It All Begins With Education – Meet Jericho
Posted September 1, 2016 & filed under Animal Blog
Did you know that of the five species of rhinos, three of them are critically endangered? Did you know that in 2015 there were over 1,200 rhinos killed in South Africa alone? Rhinos in the wild face an uncertain future because of poaching and habitat fragmentation. Most of the remaining rhinos in the wild are under constant watch by armed guards.
Of the five species of rhinos—black rhino, greater one-horned, Javan, Sumatran and white rhino—the black, Javan, and Sumatran rhinos are critically endangered. The greater one-horned are listed as vulnerable and the white rhinos are near threatened. You can see that they are in need of our help and education in the first step.
Rhinos are hunted and killed for their horns. The major demand for rhino horn is in Asia, where it is used in ornamental carvings and traditional medicine. Rhino horn is touted as a cure for hangovers, cancer, and impotence. However, their horns are not true horns; they are actually made of keratin—the same material that makes up our hair and nails. The fact is, rhino horn is no more effective at curing cancer than chewing on your fingernails.
The unfortunate reality is most rhinos are not able to survive unless they are in a protected space and, even then, it is difficult for rangers to protect such vast habitats. A large number of southern white rhinos were killed inside the Kruger National Park in South Africa last year. Wildlife trafficking, a cottage industry a little more than a decade ago, now ranks fourth on the world black market, according to U.S. Fish and Wildlife Service police and economists.
While several states have considered or are now considering legislation to restrict or ban ivory and rhino horn sales within their borders, only a few have passed such legislation. You can help by staying informed and not purchasing anything made from rhino horn or elephant ivory, and by educating your family and friends.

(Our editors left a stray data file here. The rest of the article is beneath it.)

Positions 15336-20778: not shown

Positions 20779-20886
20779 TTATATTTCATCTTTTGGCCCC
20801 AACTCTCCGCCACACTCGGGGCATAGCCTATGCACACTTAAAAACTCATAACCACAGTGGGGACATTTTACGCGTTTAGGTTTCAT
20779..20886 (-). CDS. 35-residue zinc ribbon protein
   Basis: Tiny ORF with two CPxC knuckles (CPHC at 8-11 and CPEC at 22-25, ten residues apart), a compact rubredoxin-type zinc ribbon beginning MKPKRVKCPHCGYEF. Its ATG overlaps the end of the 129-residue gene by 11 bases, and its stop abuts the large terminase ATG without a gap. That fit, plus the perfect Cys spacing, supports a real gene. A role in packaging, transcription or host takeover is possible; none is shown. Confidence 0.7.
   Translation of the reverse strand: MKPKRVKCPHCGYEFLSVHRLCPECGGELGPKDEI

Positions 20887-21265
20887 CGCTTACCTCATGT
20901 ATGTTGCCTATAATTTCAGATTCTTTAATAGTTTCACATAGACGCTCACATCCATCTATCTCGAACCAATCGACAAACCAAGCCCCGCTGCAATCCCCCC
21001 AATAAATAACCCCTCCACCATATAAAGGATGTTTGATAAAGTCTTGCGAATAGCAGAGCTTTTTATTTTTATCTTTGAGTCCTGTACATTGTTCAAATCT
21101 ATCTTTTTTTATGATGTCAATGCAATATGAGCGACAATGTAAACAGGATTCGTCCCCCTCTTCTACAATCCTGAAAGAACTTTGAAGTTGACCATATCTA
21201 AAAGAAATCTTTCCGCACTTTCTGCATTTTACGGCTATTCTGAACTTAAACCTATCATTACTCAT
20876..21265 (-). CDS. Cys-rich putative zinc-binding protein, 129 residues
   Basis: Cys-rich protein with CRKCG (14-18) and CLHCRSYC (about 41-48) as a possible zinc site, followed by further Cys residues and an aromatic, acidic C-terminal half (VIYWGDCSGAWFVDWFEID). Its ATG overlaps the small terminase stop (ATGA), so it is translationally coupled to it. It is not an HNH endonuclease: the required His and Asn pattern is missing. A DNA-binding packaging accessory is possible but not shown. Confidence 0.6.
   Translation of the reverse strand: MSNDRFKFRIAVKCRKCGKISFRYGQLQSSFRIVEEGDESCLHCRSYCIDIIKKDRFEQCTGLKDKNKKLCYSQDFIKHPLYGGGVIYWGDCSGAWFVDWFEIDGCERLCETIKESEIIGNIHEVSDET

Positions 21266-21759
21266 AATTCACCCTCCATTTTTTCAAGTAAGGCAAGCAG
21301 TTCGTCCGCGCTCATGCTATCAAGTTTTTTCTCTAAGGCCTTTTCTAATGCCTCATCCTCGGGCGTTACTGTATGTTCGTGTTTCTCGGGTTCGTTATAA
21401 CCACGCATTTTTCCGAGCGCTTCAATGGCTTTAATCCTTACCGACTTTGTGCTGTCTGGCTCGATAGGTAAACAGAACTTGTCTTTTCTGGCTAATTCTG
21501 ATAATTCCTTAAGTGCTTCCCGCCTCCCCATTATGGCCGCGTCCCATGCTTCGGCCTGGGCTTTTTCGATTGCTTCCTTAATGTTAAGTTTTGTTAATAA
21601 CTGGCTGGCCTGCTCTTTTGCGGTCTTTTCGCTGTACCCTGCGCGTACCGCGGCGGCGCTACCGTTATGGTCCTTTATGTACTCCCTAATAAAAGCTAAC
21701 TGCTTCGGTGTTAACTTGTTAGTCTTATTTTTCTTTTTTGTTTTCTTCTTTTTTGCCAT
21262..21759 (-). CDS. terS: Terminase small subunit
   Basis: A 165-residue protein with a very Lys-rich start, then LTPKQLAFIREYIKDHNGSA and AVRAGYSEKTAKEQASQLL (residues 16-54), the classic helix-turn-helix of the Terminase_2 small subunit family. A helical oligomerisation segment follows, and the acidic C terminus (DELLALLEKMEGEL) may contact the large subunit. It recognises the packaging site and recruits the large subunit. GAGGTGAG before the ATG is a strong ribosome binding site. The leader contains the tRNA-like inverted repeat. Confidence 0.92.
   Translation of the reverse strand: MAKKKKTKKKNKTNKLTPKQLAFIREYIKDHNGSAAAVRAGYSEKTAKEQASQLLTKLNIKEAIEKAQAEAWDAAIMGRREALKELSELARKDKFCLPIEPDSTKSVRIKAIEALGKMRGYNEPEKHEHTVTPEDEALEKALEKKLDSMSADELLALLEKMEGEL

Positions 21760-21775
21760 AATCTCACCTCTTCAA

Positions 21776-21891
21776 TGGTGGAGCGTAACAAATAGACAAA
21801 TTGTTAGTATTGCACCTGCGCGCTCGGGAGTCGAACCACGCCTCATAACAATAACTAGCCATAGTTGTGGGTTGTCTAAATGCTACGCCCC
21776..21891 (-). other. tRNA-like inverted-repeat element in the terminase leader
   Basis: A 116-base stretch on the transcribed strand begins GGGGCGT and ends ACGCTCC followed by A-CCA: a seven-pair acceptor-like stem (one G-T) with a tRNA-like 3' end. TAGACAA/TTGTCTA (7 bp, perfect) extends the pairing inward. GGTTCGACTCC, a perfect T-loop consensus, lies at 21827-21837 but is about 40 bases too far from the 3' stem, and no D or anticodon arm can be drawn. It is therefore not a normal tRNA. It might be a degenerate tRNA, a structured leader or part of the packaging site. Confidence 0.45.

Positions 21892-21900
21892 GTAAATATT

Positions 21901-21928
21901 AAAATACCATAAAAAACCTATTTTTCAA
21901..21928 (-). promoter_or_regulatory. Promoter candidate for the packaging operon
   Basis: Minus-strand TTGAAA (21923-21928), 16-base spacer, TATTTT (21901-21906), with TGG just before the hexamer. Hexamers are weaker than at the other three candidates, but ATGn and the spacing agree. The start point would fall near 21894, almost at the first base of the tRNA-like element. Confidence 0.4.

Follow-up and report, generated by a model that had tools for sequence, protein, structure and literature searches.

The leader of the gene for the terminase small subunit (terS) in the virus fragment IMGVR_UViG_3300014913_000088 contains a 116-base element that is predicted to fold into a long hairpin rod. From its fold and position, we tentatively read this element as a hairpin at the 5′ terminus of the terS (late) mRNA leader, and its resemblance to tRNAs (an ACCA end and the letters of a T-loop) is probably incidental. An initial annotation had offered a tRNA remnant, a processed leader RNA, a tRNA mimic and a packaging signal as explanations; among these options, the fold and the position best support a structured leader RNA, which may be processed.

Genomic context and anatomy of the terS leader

Additionally, there are many reputable organizations that work tirelessly to protect and rescue rhinos in the wild. These non-profit organizations welcome donations to continue their efforts. Out of Africa Wildlife Park proudly supports the David Sheldrick Wildlife Trust, an organization dedicated to the protection and preservation of Africa’s wilderness and its denizens, particularly endangered species such as elephants and black rhinos.
It is our hope that after reading this or having an encounter with Jericho, our 6,000 pound southern white rhino, your heart will be touched forever. Jericho is the ambassador for his kind at our wildlife park. We will be celebrating his 20th birthday! When you visit, please take a moment to stop at his house. If you don’t see him, just call his name. He loves to meet new friends.
“Not all of us can do great things. But we can do small things with great love.”